"...service must have been performed in action as such conspicuous character to clearly distinguish the man for gallantry and intrepidity above his comrades--service that involved extreme jeopardy of life or the performance of extraordinary hazardous duty."
Army Medal of Honor
Approved by the United States Congress in 1862, the Medal of Honor has been presented men and women who have distinguished themselves in service to their country. The medal may only be awarded to a person who was on active military service at the time of the incident. The first awardees of the medal were men involved in "The Great Locomotive Chase."
The Medal of Honor during the Civil War The medal was originally proposed to General Winfield Scott who did not like idea. However, a similar proposal was endorsed by Gideon Welles, then Secretary of the Navy. This proposal was signed by President Abraham Lincoln in December, 1861. The next year a "medal of valor" was created for the Army thanks to the efforts of Edward D. Townsend, Assistant Adjutant General. The bill creating this medal was signed into law in July, 1862. Although proposed only for the Civil War, Congress made the medal permanent in 1863.
Since that time more than 3400 men and 1 woman have been awarded the medal.
The Civil War era medals were designed by silversmiths William Wilson & Son of Philadelphia and the designs were coordinated by James Pollock, Director of the U. S. Mint. The "foul spirit of Secession and Rebellion" is depicted on the obverse side as a man holding serpents attacking a female figure (The Union). The back of the medal was unadorned so that the awardees' name could be engraved.
From the time the first medal was issued until January 14, 1997, 3,427 medals were awarded to 3,408 recipients (there were 19 to whom the Medal was awarded twice.) Of these, 2,553 were enlisted personnel and 169 were living as of this date. (Source: Congressional Medal of Honor Society).
Three medals, awarded to Daniel Sickles, Henry Tremain, and Daniel Butterworth (the so-called "Sickles' Circle) forced the review of the process in 1897. Because these high-ranking individuals had gained medals in questionable ways, and because of other abuses of the Civil War era medal nominations, the process of applying for a Medal of Honor was revised. In addition to standardizing the nomination process, eyewitness testimony was required so that the committee could reduce the number of inappropriate medals awarded.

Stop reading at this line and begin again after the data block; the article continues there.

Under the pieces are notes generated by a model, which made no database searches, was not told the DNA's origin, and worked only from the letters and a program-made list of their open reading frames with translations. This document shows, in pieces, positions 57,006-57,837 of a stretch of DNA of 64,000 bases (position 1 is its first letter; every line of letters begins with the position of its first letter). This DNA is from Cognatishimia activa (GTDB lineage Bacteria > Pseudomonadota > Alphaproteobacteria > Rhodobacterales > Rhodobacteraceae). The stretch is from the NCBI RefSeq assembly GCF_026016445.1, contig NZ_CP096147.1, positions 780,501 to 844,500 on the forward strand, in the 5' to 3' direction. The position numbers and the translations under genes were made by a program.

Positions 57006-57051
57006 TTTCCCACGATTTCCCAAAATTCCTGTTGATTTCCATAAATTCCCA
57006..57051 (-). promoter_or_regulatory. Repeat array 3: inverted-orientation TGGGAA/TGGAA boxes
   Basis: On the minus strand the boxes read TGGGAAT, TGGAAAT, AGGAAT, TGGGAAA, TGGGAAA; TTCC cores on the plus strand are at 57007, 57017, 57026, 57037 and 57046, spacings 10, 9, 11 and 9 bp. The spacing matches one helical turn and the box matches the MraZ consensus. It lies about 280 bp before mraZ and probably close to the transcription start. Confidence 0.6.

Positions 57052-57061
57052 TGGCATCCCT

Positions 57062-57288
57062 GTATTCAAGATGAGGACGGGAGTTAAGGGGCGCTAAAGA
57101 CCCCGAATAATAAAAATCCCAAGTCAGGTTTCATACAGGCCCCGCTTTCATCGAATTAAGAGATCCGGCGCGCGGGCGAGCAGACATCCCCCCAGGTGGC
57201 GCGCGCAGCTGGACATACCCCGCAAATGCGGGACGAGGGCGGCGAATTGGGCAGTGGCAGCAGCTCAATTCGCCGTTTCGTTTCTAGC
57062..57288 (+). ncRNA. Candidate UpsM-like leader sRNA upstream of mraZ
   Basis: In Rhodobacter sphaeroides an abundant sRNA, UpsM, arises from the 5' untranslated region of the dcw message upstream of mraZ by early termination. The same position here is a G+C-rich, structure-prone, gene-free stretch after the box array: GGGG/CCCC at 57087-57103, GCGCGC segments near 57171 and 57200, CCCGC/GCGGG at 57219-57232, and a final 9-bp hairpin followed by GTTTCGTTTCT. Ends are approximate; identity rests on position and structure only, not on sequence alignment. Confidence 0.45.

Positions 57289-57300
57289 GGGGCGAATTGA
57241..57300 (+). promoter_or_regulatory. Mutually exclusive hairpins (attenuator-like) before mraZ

Perhaps the single most famous event associated with the Medal of Honor is the Purge of 1917. Originally convened in 1916 by Nelson Miles, himself a MOH awardee, the commission reviewed each of the Army medals awarded. Their report, presented in February, 1917, revoked the medals presented to 911 people including 864 medals awarded to the 27th Maine for re-enlisting and President Lincoln's funeral guard. Six medals awarded to civilians were revoked as well. Included in this group were Mary Walker, the only female awardee, and Buffalo Bill Cody, a scout and technically not a soldier during the Indian Wars.
Medals of Honor for the Navy, Army and Air Force
For sixty years the revocation of the medals stood. Dr. Walker, who refused to return the medal as requested by the U. S. Army, proudly wearing it every day until she died. In 1977 President Jimmy Carter re-instated the award to Walker. It would be another 13 years before President George Bush re-instated the medals for Cody and five other scouts.
Bush also presented a medal to the family of Freddie Stowers, an African-American who died in World War I, gravely wounded while attempting to destroy a machine gun that had pinned down his men. While Medals of Honor had been awarded to African-Americans for heroic deeds during Civil War actions, in 1997 President Bill Clinton ordered a review of heroic deeds by African-Americans during World War II that may have been overlooked because of racial prejudice. Seven men were chosen to receive the award.
During the Second World War a group of Navajo served the front lines relaying coded messages back to rear echelon support groups. These "Code Talkers" were routinely in the line of fire and performed their assigned task with merit -- duty that frequently brought them into jeopardy. It was felt that the heroic action of the "Code Talkers" had been overlooked. Congress approved a special gold medal to be awarded these Navajo Indians who served on the battlefield during World War II. These medals were presented to the living recipients by President George W. Bush on July 26, 2001.
While not technically a "Medal of Honor," these Americans were Marines at the time of their heroic actions, and deserve to be mentioned in any history of the Medal of Honor.
Georgia History Articles about North Georgia history and the state in general. This section is currently being developed. For more information on Georgia History, please see The Civil War in Georgia The Civil War in Georgia Beginning with the Great Locomotive Chase and the battle of Chickamauga, to the Atlanta Campaign and the March to the Sea